The process aims to significantly reduce the environmental impact of laboratories, a key measure of progress towards a zero-carbon future.
Laboratories within the PMBRC (Pharmaceutical and Molecular Biology Research Centre) at South East Technological University (SETU) have begun the process of achieving My Green Lab Certification. They are working to embed green and sustainable practices in their laboratories, building a culture and community of sustainability within the Centre.
United Nations Race to Zero
The My Green Lab Certification process is recognised by the United Nations Race to Zero campaign as a key measure of progress towards a zero-carbon future. This certification process is a proven, scalable programme that helps organisations achieve their sustainability goals. The process offers support and methods rooted in Science to dramatically reduce the environmental impact of laboratories without disrupting the critical work underway. The PMBRC Green lab team are excited to join a community of hundreds of labs that have been My Green Lab certified.
The PMBRC Green Lab Team
The multidisciplinary PMBRC Green Lab implementation team is a collaboration of academics, technical officers, postdoctoral researchers and postgraduate students. The Green Lab team meet monthly to present findings and proposed plans to introduce new ways to target each certification section. Project Leader Dr Tracey Coady said, “By working together across different functions, we can drive changes in all areas of our labs. Each team member brings different perspectives from areas such as chemistry, biology, and facilities which has really helped us to think of new ways to reduce our environmental impact, from the consumables we purchase to the equipment we use. Our postgraduate and postdoctoral researchers are imperative to our labs achieving the certification.”
Speaking of the importance of the initiative, postgraduate student Sarah May Kernaghan said, “My Green Lab promotes implementing green and sustainable changes that will have a beneficial impact on the environment, us as researchers and for our research project budgets. I find it encouraging that we as students are able to highlight areas for development and then help to facilitate changes and improve practices within the PMBRC, along with communicating these practices to others within the wider department. Through this project we are also aligning ourselves with a culture of sustainable research; something that will enhance our future applications to funding bodies such as the Irish Research Council.”
Resource intensive laboratories
In light of worldwide initiatives to tackle the global climate crisis the PMBRC want to do their part in their own working environment. Laboratories are resource intensive spaces, consuming 10 times more energy and four times more water than office spaces. Research has also shown that the average bench scientist generates over 1000 kg of plastic waste a year (compared to 61 kg for the average Irish person).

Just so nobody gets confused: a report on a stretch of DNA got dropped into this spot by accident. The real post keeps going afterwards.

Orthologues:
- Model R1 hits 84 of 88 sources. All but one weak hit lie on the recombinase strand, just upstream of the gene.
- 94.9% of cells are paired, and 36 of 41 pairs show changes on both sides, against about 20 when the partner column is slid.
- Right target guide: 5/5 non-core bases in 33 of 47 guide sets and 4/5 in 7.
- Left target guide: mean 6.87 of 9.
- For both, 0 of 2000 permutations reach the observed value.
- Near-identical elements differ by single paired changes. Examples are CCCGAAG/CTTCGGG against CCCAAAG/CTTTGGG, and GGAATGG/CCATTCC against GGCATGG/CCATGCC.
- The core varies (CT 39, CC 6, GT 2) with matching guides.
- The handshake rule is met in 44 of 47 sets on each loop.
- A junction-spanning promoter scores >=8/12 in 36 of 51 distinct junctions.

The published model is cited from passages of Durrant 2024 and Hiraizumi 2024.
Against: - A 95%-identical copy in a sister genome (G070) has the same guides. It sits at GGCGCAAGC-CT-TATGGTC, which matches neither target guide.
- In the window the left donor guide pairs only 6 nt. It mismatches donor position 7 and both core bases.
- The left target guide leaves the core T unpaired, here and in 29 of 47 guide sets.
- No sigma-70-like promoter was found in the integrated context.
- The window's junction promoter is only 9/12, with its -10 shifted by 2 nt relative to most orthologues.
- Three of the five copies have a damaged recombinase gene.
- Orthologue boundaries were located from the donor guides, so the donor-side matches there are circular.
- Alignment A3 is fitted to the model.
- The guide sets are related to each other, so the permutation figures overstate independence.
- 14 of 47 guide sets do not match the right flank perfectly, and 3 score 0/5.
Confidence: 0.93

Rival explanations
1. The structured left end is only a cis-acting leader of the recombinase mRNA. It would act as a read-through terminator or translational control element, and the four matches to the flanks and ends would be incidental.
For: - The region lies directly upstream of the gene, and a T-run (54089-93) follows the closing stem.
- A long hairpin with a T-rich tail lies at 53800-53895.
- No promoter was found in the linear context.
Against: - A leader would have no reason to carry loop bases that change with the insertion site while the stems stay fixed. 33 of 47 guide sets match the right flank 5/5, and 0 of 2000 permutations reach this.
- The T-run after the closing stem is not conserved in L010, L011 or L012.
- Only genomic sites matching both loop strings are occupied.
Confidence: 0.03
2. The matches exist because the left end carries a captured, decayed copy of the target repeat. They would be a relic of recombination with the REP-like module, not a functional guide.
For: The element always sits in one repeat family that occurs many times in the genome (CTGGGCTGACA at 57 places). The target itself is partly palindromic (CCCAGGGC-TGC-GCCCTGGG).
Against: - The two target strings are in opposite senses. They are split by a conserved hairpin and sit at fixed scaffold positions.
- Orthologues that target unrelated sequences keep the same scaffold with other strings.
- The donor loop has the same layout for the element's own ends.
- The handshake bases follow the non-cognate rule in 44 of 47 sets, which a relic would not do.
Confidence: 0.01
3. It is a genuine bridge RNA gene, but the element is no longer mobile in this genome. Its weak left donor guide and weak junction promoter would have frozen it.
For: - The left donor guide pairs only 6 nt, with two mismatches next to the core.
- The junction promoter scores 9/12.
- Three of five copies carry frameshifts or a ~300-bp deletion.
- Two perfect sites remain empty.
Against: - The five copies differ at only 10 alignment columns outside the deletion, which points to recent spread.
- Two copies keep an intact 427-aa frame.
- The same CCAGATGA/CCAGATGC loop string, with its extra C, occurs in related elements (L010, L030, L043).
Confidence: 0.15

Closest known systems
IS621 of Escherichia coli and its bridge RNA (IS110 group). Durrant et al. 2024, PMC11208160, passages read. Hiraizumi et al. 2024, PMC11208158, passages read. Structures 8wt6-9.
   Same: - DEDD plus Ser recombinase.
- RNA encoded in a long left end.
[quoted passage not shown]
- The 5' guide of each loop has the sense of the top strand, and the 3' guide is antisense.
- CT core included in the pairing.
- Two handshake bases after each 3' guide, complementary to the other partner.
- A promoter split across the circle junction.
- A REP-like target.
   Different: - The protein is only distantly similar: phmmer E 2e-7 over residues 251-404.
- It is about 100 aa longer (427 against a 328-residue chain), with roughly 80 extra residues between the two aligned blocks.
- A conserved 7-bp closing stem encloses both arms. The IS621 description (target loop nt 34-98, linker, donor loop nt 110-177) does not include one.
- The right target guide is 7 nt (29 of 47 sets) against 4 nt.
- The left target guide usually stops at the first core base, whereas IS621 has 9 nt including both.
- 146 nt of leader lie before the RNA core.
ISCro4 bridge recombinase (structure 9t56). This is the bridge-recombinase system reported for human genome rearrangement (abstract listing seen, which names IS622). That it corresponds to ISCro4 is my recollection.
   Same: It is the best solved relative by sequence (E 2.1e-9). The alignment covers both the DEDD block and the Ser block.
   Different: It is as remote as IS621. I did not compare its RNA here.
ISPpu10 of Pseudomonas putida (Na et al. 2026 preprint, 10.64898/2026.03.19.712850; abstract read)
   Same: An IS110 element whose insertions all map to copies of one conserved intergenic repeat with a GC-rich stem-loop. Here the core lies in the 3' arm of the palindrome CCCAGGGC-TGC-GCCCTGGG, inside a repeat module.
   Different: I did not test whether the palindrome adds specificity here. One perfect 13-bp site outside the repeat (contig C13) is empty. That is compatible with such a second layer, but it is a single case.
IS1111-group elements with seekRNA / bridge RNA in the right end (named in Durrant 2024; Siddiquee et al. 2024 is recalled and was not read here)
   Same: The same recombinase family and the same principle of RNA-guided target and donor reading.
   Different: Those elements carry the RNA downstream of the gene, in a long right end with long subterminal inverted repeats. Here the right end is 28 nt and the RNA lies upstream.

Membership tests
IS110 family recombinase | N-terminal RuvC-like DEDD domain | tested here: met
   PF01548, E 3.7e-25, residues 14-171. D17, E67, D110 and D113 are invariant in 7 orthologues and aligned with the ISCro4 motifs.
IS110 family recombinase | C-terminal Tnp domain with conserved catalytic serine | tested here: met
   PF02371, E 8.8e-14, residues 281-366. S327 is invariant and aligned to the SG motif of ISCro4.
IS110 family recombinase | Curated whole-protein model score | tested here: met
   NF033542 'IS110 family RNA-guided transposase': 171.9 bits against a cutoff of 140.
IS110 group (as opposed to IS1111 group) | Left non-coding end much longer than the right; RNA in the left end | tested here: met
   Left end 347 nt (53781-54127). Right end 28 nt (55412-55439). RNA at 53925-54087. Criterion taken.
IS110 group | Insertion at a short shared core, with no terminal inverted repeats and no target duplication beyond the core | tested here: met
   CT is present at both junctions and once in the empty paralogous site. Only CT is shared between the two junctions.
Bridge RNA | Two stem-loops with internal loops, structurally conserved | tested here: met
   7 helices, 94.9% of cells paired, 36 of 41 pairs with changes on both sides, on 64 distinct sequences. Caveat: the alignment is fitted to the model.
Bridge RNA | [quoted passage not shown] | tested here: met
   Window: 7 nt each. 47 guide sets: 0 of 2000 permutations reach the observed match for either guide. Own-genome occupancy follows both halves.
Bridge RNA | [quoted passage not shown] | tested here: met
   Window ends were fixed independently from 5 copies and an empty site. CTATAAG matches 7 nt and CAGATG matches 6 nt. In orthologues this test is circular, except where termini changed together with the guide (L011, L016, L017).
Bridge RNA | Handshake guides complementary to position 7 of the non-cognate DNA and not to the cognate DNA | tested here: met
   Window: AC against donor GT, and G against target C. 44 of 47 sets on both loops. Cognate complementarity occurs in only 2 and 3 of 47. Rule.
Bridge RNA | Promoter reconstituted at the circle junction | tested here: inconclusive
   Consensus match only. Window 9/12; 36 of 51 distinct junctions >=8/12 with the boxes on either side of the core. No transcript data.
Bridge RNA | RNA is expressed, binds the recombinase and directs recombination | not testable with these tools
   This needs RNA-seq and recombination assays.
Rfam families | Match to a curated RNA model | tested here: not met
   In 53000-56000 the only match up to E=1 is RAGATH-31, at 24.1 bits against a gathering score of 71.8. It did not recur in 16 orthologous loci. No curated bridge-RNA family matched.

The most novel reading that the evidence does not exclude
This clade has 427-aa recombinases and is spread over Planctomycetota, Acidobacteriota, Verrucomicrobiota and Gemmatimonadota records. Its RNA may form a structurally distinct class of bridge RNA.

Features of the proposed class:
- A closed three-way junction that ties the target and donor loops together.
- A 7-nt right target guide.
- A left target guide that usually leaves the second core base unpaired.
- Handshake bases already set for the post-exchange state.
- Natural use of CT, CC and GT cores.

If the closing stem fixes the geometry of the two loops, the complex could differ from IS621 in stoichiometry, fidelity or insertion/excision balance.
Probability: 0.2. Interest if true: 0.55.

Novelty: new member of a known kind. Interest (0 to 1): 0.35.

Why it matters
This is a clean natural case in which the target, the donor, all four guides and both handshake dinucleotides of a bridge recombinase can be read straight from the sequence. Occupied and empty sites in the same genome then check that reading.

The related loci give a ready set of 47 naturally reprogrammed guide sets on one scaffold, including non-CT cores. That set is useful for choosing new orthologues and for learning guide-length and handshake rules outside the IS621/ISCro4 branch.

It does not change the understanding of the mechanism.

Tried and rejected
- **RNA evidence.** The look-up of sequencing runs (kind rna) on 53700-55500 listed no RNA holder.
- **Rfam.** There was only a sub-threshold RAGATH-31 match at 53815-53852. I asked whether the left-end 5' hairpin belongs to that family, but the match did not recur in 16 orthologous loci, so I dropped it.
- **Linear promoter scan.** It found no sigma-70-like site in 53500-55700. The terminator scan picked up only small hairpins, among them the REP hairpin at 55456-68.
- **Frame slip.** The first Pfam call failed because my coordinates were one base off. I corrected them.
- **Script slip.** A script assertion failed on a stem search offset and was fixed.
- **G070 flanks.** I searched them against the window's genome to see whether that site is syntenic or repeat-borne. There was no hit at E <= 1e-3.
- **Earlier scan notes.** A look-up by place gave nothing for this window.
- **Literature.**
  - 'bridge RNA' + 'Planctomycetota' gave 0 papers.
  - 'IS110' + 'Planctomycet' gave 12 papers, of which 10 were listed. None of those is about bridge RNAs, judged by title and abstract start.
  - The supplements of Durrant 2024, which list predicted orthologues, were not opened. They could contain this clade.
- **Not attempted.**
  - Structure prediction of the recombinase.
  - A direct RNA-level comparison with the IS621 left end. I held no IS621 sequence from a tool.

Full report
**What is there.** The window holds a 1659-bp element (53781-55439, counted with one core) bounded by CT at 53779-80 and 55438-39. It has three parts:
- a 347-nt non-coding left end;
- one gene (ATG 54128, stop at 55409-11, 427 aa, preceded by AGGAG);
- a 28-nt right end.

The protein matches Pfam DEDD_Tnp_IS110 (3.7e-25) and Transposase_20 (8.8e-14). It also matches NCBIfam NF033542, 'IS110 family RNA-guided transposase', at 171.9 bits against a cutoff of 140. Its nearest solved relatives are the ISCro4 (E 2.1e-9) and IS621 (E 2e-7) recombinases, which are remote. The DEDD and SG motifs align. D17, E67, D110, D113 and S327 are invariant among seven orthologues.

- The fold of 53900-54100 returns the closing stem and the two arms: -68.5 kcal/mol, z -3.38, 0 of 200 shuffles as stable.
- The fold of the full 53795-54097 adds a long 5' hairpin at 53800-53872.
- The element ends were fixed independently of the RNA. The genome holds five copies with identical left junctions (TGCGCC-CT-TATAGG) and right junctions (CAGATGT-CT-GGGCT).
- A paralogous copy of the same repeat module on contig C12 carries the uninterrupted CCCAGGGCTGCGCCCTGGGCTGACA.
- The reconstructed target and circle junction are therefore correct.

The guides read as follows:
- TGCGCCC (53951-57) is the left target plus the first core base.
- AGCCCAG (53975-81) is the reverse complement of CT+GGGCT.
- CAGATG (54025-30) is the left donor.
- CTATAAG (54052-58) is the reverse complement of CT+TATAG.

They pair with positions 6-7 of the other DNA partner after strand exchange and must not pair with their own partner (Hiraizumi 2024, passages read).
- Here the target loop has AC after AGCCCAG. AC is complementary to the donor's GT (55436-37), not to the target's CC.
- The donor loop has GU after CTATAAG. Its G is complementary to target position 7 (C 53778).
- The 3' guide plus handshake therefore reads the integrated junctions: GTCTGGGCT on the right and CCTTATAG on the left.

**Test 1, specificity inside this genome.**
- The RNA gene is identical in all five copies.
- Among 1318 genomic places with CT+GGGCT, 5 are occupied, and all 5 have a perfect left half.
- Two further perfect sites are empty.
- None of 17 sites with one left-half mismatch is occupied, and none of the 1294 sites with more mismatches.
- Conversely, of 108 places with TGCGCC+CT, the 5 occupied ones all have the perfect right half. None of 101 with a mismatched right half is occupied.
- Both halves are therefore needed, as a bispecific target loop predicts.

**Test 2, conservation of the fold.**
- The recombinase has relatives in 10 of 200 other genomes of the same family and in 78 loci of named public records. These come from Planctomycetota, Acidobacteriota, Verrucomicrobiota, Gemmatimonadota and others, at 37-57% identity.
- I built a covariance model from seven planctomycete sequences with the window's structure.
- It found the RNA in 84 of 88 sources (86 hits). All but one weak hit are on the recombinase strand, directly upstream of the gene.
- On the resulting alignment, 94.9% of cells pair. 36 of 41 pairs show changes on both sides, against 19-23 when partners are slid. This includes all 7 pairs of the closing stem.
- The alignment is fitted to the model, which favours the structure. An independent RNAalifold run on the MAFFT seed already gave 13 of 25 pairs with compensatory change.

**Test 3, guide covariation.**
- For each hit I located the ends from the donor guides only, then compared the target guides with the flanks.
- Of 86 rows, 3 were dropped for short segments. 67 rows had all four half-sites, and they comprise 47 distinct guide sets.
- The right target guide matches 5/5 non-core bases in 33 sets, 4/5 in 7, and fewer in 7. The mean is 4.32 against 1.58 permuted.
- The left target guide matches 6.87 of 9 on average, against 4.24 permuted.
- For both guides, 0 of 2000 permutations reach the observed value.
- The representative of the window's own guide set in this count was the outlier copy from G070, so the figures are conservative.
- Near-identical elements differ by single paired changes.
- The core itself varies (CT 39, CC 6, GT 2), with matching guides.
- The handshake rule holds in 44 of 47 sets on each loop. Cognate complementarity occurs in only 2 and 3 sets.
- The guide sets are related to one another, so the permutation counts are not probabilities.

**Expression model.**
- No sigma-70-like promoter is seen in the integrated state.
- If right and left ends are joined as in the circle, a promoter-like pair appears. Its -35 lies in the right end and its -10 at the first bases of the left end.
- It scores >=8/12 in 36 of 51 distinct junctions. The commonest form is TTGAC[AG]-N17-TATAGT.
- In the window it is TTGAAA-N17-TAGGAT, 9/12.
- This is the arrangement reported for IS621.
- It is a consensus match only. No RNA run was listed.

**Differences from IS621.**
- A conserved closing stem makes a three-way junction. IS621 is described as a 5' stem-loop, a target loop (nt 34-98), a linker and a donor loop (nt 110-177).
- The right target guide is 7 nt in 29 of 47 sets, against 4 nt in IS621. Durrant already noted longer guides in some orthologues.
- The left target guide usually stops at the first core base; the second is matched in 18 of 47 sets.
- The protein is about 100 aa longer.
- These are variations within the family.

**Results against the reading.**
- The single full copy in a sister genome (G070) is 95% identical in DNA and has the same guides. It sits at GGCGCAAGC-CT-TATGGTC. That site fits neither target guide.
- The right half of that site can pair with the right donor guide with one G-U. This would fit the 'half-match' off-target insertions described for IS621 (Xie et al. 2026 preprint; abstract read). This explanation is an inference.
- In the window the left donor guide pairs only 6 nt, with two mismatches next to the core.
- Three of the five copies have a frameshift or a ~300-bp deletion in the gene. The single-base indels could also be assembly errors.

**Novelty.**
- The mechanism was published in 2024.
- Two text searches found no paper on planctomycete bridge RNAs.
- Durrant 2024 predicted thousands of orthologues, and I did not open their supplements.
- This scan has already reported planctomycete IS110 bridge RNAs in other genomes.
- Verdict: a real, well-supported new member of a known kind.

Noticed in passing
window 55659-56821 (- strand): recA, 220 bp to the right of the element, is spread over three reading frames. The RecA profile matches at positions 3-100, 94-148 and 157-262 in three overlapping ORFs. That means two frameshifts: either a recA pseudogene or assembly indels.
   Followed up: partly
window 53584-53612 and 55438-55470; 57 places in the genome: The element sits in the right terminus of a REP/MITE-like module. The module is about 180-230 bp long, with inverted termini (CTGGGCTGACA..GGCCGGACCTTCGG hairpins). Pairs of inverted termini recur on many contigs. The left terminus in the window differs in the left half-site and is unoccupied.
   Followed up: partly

My Green Lab certification will help the PMBRC align their laboratories with SETU’s sustainability goals as well as aligning with European green initiatives, rethinking how things have always been done in the laboratory and daily lives, changing mindsets and embedding a culture of sustainability.
Moral imperative to act
According to Centre Manager, Dr Niall O'Reilly, building sustainability into the PMBRC operations will be important in the years ahead. “There’s obviously a moral imperative to act, we can’t pretend that sustainability doesn’t apply to us. However, it also presents opportunities to reduce running costs of the centre such as introducing spectroscopic technologies to replace time consuming and resource-intensive chromatography techniques or replacing organic solvents with green solvents such as supercritical CO2. There is also the opportunity to bring these technologies to our industry partners and help them on their own sustainability journey. Increasingly funding agencies are taking environmental impact into consideration and we have to show how we conform to the ‘Do No Significant Harm’ principles.”
Once the labs listed in the pilot program have been certified the PMBRC plans to roll out the initiative to other research and undergraduate labs. Final year students in the Bachelor of Science (Hons) in Pharmaceutical Science will complete the My Green Lab Ambassador programme this year prior to beginning their research project. Following the certification process, the Green Lab team plan to develop a SETU Green Lab Guide/ handbook to showcase all the current sustainable research areas and environmentally friendly practices.
Photo caption: The PMBRC My Green Lab Team, from Left to Right; Dr Claire Lennon, Dr Niall O’Reilly, Sarah May Kernaghan, Dr Tracey Coady, Dr Mitra Abedini, Dr Orla Watters, Dr Mike Kinsella and Abinash Nayak. Not pictured: Dr Edel Mac Neela and Ali Taha Ozdemir